Alexis and I were looking for a low-commitment alpine rock route not too far of a drive away. I wanted to take things easy with only a week left until the Squamish 50k. I suggested the Widowmaker Arête on Crown. A classic scrambling peak visible from downtown Vancouver, Crown is densely forested on its south west side but has a long rock buttress on the east side rising out of Hanes Valley.
The climbing on the arête is slabby 4th class ridge rambling punctuated by three steep mid 5th class head walls. We opted to approach from Lynn Valley Park rather than climbing the Grouse Grind. Three hours of fast hiking found us racking up at the base of the route, the first head wall. The hike in was uneventful with ample creeks to fill up on water rather than carry from the car.
I led out on the first pitch through a section of near vertical rock with great featured holds but little protection and covered in lichen. Through a low angle slab and over a roof, I belayed Alexis up to a nice ledge.
Alexis was looking forward to do some leading on an alpine route so he took off up easy slabs and steps. We switched to simul-climbing to move quicker and as I was moving over one of the rock steps I heard a crash from above. I ran for the nearest rock overhang while Alexis’ shouts were drowned out by crashing rock. Ducking under, I saw hunks of rock fly past and shatter on the slabs below.
We thought for a second we had escaped unscathed but our rope was not so lucky. The sheath was torn through right at the middle (though the core looked undamaged). We cut the bad section out of the rope and tied into the longer strand. We debated pulling the plug on the climbing but having climbed the route previously, I figured (hoped) we could make it up on only a thirty meter strand.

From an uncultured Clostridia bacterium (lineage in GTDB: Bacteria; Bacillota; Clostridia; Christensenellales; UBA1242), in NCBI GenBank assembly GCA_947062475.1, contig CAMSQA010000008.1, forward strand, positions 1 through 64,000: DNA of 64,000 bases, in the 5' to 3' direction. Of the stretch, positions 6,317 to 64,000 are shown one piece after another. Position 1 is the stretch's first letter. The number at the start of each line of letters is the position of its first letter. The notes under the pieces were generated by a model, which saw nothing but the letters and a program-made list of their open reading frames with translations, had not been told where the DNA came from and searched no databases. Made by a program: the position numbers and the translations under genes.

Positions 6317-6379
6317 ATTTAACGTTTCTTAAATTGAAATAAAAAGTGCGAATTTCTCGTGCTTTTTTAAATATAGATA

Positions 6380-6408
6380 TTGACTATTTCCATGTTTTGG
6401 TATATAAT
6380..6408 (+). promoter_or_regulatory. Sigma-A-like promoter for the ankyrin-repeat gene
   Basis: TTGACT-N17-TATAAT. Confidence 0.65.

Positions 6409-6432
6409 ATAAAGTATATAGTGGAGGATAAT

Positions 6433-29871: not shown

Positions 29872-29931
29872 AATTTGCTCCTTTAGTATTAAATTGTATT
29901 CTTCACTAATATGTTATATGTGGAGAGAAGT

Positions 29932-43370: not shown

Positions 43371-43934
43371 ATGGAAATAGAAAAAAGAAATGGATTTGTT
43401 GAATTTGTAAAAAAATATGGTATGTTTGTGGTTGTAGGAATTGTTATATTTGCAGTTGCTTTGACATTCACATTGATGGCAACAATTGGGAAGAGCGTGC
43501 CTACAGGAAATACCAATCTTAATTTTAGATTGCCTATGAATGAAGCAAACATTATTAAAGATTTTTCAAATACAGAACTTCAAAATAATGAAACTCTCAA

We continued to simul-climb to the base of the second headwall where we went back to belayed pitches. With rope length a factor, we had several awkward belays, unable to reach the big ledges dotting the route.
At the final head wall, we opted for a left leaning ledge that took the line of least resistance to a huge ledge at the base of the Camel. From there, a (deceptively difficult) final pitch to the top of the Camel and then two rappels into the neck and back to the huge ledge. The final scramble up to Crown went quickly and we took a few minutes to relax and name peaks visible from Baker and the Twin Sisters to Garibaldi and Tantalus. The hike back to Grouse was undoubtedly the worst part of the day – two hours of oppressive heat and mosquitos. We arrived back at the bustling tourist centre around the top of the Grouse Skyride – a bit of a jolt having seen no one all day – and picked up cokes and download tickets.
We climbed the route in eight 30m pitches with two sections of simul-climbing in between. There seem to be endless variations on this possible. We intended to climb with a lightweight 60m single rope but ended up using a 30m rope and then tying them together for the rappel off of the Camel which worked fine. We carried a big rack from .3 to 3 BD cams with doubles of .5 to 2 and a handful of nuts. Certainly a bit overkill with such short pitches. Lots of water available on the hike into the valley. None between the bottom of the climb and Grouse.